Mel Gibson returns as the quiet hero Max, who is now tormented after the ending of the previous film; he wants nothing more than to be left in peace and to have gas for his car. The survivors he encounters are peaceable and while they see him as one of the savages from the roads, they also know he could help them escape the bandits.
The bandits are insane. Raping and pillaging their way across the deserts, strapping their victims to the fronts of their cars, wearing bondage gear in the desert (these actors must be uncomfortable…!) and led by the hockey-mask wearing individual called The Humungus.
There’s a lot more style here than with the first film, certainly style over substance; the film is only ninety minutes long and has a host of characters, from Max to the Feral Kid, from the Gyro Captain to the crazed Zetta. There’s little to no characterisation outside of their actions.
But the action is incredible. Director George Miller clearly got a much better budget here and could actually go to town with the vehicle design and the carnage of the crashes. The Road Warrior inspired so many action movies in the 80s and 90s, especially the near carbon copy called Waterworld.
Unlike the first film, The Road Warrior has dated acceptably, mostly due to the film’s devastated setting. I would recommend anyone who hasn’t seen this to watch it at least once; this looks like the main inspiration for Miller’s 2015 reboot.
It is a mad world, just go with it.
Mad Max Beyond Thunderdome (1985)
This is like the Batman Forever of the Mad Max trilogy. It has some good parts, but the tone is all wrong.
Coming straight off the back of Mad Max 2 (aka The Road Warrior) we find our silent protagonist Max alone in the desert wilderness. When his camels get stolen he finds his way to Bartertown, a town run by a woman named Aunty Entity and a duo called Master Blaster who are warring for control.
Thunderdome is one of those films that makes it hard to pin the plot down in a simple synopsis; the plot doesn’t know what it is doing. It is less than two hours but feels like an eternity as we see Max stumble from one random encounter into quite a different one without any rhyme or reason or design. This film is mad, but not in a good way.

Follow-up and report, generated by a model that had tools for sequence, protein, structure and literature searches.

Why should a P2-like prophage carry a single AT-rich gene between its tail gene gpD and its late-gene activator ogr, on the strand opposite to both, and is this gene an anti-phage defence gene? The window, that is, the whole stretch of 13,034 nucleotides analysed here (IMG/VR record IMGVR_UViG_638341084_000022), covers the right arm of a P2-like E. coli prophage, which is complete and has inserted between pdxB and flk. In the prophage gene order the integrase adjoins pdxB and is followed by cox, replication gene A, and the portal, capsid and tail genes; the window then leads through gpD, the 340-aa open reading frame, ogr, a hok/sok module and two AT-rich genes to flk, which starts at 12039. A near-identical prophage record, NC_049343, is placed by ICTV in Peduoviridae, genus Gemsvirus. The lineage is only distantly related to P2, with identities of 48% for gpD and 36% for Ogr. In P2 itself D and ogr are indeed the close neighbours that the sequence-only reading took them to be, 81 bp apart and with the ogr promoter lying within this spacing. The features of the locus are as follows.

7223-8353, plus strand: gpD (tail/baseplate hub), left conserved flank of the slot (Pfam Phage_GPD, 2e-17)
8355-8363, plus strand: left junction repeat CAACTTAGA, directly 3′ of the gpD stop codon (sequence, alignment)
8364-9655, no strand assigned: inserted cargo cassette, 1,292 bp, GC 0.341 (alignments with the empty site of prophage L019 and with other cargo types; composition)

Things don’t start off well as we are introduced with a song by singer and lead actress Tina Turner, which instantly breaks the tone of previous Mad Max films. You know this isn’t going to go well.
But there is some promise; Bartertown makes for some nice world building that keeps with the tone of the superior second movie. There are a lot of strange characters, but none of them are especially memorable asides Master Blaster; a hulking muscle man in a fully enclosed helmet called Blaster, with a midget on his shoulders named Master. And Tina Turner as Aunty Entity. Surprisingly, Turner isn’t in the film a great deal, appearing only at the start and at the end.
Even the titular Thunderdome does not feature particularly strongly. It isn’t especially enthralling.
What does feature prominently? Small children. The film takes a massive tonal shift. When we haven’t had any vehicles or chases or even carnage (like the first two films) we get… the Lost Boys from Hook. They are alone in the desert, wild children but not like Road Warrior’s Feral Kid these children are innocent and full of wonder, believing Max to be a messiah.
What hurts this film the most is (not Tina Turner, though she is random) its two separate storylines that have no cohesion at all. First we have a town that is powered by an underground methane farm, then we have kids wanting to fly in a crashed airplane. Max’s apparent lack of empathy towards any and all of these characters is the only thing I could relate to.
The ending attempts The Road Warrior’s chase sequence again, but replaces bloody carnage and death with… hitting people in the face with frying pans like a Looney Toons cartoon. There is little to no violence or gore here; it is massively toned down.
I don’t know what is worse; the first film’s lack of budget or this film’s lack of cohesion and tone.